Goat Song: For My Father's God
I know kidnapping was extreme, but how cruel
to anoint acne-ridden teens with oil,
to tell them it is not a moth, but an albino butterfly,
to teach them to covet translucency
even though the ocean always reciprocates
the sky, the atmosphere. Infuriating cosmetic theology,
subjective to light. How cruel to answer,
“If all roads lead to Rome, then why not Athens?” with the extremist
velocity of a wooden stick made for measuring.
Yes I hijacked the bus when I saw them there,
twelve, fifteen, the chorus of youth
gathering at the very altar where once
their kind was incinerated. Spectacles, testicles,
watch, wallet, indeed. My vision is perfectly poor,
but, as some of us lack the physiology
necessary for true genuflection,
I chose action.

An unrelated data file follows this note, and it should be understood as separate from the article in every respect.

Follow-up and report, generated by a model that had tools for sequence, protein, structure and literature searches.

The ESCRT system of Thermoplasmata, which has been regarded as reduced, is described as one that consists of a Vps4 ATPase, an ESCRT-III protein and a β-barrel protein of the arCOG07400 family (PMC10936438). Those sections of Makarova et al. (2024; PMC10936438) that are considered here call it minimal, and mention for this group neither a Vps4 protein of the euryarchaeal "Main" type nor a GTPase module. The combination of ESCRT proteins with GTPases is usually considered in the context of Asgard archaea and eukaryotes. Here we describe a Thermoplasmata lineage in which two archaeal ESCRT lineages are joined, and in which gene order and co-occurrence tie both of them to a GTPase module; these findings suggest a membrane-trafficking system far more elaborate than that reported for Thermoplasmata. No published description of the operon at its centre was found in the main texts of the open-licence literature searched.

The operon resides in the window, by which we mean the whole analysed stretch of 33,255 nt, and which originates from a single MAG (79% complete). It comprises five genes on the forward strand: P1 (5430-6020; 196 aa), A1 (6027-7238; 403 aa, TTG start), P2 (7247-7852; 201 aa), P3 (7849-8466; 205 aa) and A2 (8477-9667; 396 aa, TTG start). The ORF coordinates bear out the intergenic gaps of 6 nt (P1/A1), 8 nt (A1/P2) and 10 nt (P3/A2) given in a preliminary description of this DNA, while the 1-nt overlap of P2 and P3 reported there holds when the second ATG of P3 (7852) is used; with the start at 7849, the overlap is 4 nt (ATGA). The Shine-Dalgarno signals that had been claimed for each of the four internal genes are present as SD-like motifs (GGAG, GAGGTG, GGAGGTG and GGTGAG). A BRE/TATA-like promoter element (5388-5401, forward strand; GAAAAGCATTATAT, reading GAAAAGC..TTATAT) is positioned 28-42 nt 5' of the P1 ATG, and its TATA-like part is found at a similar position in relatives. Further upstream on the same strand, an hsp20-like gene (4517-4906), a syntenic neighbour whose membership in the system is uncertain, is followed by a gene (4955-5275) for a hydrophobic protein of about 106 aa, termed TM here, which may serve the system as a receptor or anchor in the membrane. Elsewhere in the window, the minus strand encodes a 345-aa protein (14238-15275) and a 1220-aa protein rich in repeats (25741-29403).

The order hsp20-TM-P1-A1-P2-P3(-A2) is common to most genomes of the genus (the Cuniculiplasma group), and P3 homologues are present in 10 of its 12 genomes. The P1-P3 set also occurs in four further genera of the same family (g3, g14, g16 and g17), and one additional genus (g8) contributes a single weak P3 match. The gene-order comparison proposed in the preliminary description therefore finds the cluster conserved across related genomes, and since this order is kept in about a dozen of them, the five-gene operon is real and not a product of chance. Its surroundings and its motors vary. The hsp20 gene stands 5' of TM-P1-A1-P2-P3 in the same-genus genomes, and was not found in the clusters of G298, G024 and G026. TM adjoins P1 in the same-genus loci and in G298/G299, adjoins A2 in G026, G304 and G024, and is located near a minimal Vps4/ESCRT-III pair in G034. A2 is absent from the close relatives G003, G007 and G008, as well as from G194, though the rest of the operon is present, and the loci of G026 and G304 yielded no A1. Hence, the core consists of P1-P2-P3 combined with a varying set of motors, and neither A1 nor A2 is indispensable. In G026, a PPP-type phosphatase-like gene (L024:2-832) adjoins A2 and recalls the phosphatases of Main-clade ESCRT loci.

1. All roads lead to Rome.
2. Not all continents are connected by roads. Thus,
I do not think we will make it to the amphitheater on time.]
Go ahead, God One, God Two, tell them
all disasters are natural. Even the tomato
wrinkling in the sun will summon proper terror.
All acts will be measured but fail to add up
into a convenient formula, a logic whose gaps
are populated by ribbons of gauze.
Did you see the movie? Lazarus
almost pulled the Christ into the tomb; his gaze
was mummified, impossible to meet. To Lazarus,
only the stinking drunk shall inherit paradise.
All roads lead to holy ruins,
but rather than elicit submission,
I tried to navigate my small flock
by way of the rosy fingers of dawn and wine-dark seas.
A squaw who knew the land was supposed to meet us
at the trailhead, but she was just a Spanish actor
wearing imported feathers.
“Rather than immersion in mysteries, I was only
leading you to common ground,” she explained,
shortly before stepping on a poisonous snake.
Goat Song: A Much Shorter Version
Go ahead, Thing One, Thing Two,
tell that all roads lead to Rome,
but at least show us
to the motherfucking harbor.